\frac{\mathrm{d}T}{\mathrm{d}x} = g \rho


T = \frac{\alpha}{\rho}


This can be solved to show that the density follows


\rho \propto \frac{1}{\sqrt{x}}


Integrating, we find that the center of mass is one third the way up the slinky. The time for the slinky to collapse is the same as the time for the center of mass to fall to the bottom, or


t = \sqrt{\frac{2 (1/3 l)}{g}}


This is the same answer, but modified by a factor of 0.81. Notice that this only depends on the “slinkiness” – the zero rest length ideal spring. We expect thick and thin slinkies of different stiffnesses to act in essentially the same way.

Dropping a Slinky

July 30, 2012

A short video of what it looks like to drop a slinky. It’s surprising and elegant.

So what’s the speed that waves propagate in a slinky? A slinky is a bit tricky, because as you pull on it, it stretches out so that the density goes down. Meanwhile, the tension goes up. Both these effects increase the speed of wave propagation, so waves travel much more quickly at the top of a hanging slinky than at the bottom.

Since the only material properties around are the linear density \lambda and the tension T, we must put these together to get a velocity, which we do by

v = \sqrt{\frac{T}{\lambda}}

As the slinky hangs, it should be in equilibrium, so the gradient of the tension at any point is equal to gravity times the density there. This yields the result that the tension is a square root of how far up you go from the bottom of the spring. As a rough estimate, though, the tension should on average be about half the spring’s weight, while the density on average is the spring’s weight divided by its length. Thus

v = \sqrt{\frac{weight}{mass/length}} = \sqrt{g l}

where g is gravitational acceleration and l is the slinky’s length. The characteristic time of such a slinky is

t = \frac{l}{v} = \sqrt{\frac{l}{g}}

For a one meter slinky we get a time of .3 seconds (and a speed of only a few meters per second), meaning it’s an effect we can see quite well even without high-speed photography!


The same basic mechanism is there in dropping anything else, but typical sound speeds are on the order of thousands of meters per second, so usually it’s much too fast.

Unwinding: Physics of a spool of string

June 1, 2012

It’s been a long day. Let’s unwind with a physics problem.

This problem was on the pre-entrance exam I took before arriving at Caltech for my freshman year. I’ve seen it from time to time since, and here I hope to find an intuitive solution.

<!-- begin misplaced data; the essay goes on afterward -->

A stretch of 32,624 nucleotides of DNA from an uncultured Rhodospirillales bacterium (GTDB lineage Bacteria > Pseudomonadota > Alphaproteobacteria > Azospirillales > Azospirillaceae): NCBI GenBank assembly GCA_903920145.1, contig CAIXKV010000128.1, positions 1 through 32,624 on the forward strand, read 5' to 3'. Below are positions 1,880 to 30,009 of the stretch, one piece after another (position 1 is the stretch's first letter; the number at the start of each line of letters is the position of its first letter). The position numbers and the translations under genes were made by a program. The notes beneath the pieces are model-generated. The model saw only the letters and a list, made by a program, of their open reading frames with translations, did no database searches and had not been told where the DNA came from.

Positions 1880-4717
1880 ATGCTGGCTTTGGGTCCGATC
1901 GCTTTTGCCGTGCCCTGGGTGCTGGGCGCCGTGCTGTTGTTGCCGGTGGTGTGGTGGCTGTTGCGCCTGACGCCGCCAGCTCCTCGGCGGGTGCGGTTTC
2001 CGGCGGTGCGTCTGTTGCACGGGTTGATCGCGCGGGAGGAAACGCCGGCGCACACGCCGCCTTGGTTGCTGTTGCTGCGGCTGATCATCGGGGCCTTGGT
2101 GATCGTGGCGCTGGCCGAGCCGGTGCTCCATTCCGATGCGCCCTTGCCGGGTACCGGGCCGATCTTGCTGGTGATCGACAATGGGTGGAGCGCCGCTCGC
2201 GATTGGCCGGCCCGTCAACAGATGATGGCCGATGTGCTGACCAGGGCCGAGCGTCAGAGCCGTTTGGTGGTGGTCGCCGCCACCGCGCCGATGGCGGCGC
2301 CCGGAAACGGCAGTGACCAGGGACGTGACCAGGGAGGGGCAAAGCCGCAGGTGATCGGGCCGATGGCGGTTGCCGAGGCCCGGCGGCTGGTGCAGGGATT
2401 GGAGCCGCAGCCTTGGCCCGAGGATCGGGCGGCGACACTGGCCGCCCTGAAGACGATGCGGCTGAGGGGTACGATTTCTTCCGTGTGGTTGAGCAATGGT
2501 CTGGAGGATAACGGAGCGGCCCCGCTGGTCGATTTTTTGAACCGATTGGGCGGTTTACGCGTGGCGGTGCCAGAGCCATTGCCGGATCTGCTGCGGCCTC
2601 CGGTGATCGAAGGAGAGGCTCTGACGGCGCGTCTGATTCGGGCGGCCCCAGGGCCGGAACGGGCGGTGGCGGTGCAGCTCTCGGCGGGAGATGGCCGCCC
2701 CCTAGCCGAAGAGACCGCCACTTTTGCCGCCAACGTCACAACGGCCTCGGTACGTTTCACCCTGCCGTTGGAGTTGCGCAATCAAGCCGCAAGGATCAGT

You have a spool of thread, already partially unwound. You pull on the thread. What happens?

Here it is in side view. The dashed circle is the inside of the spool and the green line is the thread. Take a minute to see if you can tell how it works. Does the spool go right or left?


The usual method is to work it out with torques. The forces you must account for are the force of tension from the string and the force of friction from the table.

Torques are actually a pretty easy way to solve this problem, especially if you calculate the torque around the point of contact between the spool and the table (since in that case friction has no moment arm and exerts no torque).

This method is direct, but it’s useful to find another viewpoint if you can.

Let’s first examine a different case where the string is pulled up rather than sideways.


In this case, even if the first situation was unclear, you probably know that the spool will roll off to the left. To see why, let’s imagine that the thread isn’t being pulled by your hand, but by a weight connected to a pulley.


I put a red dot on the string to help visualize its motion.

The physics idea is simply that the weight must fall, so the red dot must come closer to the pulley. Which way can the spool roll so the red dot moves upward?

When the spool rolls (we assume without slipping), the point at the very bottom, where it touches the table, is stationary. The spool’s motion can be described, at least instantaneously, as rotation around that contact point.

Googling, I found a nice description of this by Sunil Kumar Singh at Connexions. This image summarizes the point:

 Rolling motion  (rm1a.gif)

If the spool rolls to the right, as above, the point where the string leaves the spool (near point B), will have a somewhat downward motion. This will pull the red dot down and raise the weight. That’s the opposite of what we want, so what really happens is that the spool rolls to the left, the string rises, and the weight falls.

With this scenario wrapped-up (or unwrapped, I suppose), let’s return to the horizontal string segment.


Again, the weight must fall and so the red dot must go towards the pulley.

If we check out Mr. Singh’s graphic, we’re now concerned with the motion of a point somewhere near the bottom-middle, between points A and C. As the spool rolls to the right, this point also moves to the right. This is indeed what happens as the weight falls.

Notice that the red point actually moves more slowly than the spool as a whole. This means the spool catches up to the string as we move along – the spool winds itself up. If the inside of the spool is 3/4 as large as the outside (like it is in my picture), the spool rolls 4 times as fast the string moves, and so for every centimeter the weight falls, the spool rolls four centimeters.

Here’s a short video demonstration: